The afternoon flew by. Everybody was patient with me for running behind. The nursing home did call a few times to make sure we had received the faxes they had sent us between 2 and 4 pm. As I worked my way through lab results and requests for decisions about coughs, fevers, urinary tract infections, hallucinations and other odds and ends, I gasped internally when I came to the last one.

It was actually a stack of pages, all about the same thing: A dying man had been prescribed subcutaneous injections of morphine and lorazepam placed under his tongue, two staple drugs of “comfort kits” used by hospitals, Hospice agencies and nursing homes all over the world to ease the discomfort of dying patients. The patient’s Medicare D plan, WellCare, had already denied coverage for these two generic drugs. Another provider doing rounds at the nursing home yesterday had filed an appeal, and this appeal, too, had been denied.

The nursing home asked me to write a note to WellCare to appeal.

I usually manage to retain a fair amount of what Sir William Osler referred to as aquanamitas, the seasoned physician’s unflappability, but at 4:30 this afternoon I had already had enough of arbitrary and insensitive insurance companies lacking common sense and human decency. I wrote:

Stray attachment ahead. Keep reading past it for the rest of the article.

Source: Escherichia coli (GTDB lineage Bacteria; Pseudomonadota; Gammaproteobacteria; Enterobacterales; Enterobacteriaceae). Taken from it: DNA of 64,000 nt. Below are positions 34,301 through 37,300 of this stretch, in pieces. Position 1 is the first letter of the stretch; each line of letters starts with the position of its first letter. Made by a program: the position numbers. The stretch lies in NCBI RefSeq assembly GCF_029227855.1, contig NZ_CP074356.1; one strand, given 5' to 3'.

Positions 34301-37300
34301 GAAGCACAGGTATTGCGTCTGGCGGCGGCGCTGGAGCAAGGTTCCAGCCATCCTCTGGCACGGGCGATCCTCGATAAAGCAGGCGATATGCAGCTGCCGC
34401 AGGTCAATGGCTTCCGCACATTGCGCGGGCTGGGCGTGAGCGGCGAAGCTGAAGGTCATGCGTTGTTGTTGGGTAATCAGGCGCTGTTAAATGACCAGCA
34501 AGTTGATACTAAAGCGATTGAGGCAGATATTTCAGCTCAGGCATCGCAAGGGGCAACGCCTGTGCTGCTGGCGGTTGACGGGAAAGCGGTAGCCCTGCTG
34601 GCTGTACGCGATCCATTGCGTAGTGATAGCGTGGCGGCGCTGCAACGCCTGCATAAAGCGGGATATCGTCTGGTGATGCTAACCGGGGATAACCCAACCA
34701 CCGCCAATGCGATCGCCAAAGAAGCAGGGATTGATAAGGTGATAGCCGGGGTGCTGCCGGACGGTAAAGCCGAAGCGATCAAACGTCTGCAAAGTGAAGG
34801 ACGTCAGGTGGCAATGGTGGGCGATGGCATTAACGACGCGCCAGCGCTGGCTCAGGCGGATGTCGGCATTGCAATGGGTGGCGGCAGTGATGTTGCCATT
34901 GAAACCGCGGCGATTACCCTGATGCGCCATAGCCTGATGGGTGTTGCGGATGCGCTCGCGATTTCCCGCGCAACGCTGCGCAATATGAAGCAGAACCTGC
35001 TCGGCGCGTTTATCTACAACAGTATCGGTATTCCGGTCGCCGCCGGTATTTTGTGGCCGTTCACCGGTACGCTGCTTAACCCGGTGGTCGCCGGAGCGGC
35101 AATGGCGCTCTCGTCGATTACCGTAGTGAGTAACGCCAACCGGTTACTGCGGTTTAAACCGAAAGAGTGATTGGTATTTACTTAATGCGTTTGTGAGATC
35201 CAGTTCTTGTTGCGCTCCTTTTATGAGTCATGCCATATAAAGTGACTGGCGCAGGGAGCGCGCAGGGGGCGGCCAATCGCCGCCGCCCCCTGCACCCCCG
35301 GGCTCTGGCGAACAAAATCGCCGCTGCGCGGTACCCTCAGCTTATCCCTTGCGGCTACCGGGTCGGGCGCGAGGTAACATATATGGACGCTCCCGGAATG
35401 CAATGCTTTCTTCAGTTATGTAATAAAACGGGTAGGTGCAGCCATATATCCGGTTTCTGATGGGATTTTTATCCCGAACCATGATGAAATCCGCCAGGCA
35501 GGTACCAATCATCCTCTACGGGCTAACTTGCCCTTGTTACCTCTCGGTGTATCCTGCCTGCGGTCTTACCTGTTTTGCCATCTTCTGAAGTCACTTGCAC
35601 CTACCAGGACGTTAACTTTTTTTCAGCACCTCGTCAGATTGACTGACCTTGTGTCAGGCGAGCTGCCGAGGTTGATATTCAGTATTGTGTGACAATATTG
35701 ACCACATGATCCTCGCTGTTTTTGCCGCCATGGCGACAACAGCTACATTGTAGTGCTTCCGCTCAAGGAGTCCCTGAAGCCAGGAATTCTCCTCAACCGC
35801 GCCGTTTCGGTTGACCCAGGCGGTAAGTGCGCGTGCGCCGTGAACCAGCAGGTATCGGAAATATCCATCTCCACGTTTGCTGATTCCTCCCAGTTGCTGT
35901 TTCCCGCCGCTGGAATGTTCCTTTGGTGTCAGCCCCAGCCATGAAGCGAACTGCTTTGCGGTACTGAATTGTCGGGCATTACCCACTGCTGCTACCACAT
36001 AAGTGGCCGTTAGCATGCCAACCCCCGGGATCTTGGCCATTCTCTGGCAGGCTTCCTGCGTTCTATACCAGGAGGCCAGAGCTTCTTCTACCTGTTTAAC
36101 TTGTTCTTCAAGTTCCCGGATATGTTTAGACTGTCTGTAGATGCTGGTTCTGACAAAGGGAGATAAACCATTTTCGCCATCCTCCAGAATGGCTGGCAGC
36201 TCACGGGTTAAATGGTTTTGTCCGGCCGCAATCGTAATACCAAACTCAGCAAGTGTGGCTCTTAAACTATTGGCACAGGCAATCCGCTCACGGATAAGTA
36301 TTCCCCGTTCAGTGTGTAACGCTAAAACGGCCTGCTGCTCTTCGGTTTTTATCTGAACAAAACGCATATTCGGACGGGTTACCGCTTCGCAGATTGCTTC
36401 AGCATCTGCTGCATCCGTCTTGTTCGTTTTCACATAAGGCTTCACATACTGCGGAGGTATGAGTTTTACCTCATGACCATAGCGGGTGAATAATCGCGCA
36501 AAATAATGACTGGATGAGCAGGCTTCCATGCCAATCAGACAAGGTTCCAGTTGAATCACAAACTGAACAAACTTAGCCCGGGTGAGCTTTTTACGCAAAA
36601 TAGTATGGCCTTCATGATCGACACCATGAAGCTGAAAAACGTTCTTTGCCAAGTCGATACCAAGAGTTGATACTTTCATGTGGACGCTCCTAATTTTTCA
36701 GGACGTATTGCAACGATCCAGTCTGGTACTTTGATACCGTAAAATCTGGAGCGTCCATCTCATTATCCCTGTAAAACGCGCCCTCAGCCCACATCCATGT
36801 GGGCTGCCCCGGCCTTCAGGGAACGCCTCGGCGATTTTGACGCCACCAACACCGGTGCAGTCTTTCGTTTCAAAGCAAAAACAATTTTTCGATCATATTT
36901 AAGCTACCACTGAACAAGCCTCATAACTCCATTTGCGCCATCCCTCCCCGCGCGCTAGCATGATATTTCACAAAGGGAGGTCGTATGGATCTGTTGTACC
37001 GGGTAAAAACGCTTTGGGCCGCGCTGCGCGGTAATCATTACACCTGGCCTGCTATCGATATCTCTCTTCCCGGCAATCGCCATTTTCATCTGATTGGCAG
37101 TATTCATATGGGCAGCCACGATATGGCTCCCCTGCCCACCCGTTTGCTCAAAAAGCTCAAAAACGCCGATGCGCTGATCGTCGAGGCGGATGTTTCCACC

“In my thirty years as a family physician, I have never seen such cruelty as denying a dying man the relief of his final agony with basic, generic drugs like morphine and lorazepam.”

I don’t know yet if that did any good. The nursing home has a supply of these drugs on hand, so for now the patient has been getting what he needs, but to me, this struck at the core of what we all have the right to expect our insurance companies to cover.

Osler, the father of modern medicine, said: “To prevent disease, relieve suffering and to heal the sick – this is our work.”

This is unfortunately not quite the work of the insurance companies.

3 Responses to “Requests Denied”

  1. 1 Christina October 11, 2014 at 5:06 am

    What, then, is the work of insurance companies?

    • 2 acountrydoctorwrites October 11, 2014 at 9:49 am

      A rhetorical question, to be sure, but:

      Aetna is a Fortune 100, publicly traded company with revenues in 2013 around $47 billion and net income just under $2 billion.

      WellCare, also a publicly traded company, has paid $35 million in a plea bargain with the government stemming from allegations of fraudulent billing in Florida, where the company was started in 1985, and still faces several lawsuits and whistleblower complaints.

  2. 3 Lisa October 11, 2014 at 5:57 pm

    I have Aetna and to my knowledge they have never refused to pay for a scan that a doctor felt I needed. I wonder how many hours of my doctors time they wasted with refusals and appeals.

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Osler said “Listen to your patient, he is telling you the diagnosis”. Duvefelt says “Listen to your patient, he is telling you what kind of doctor he needs you to be”.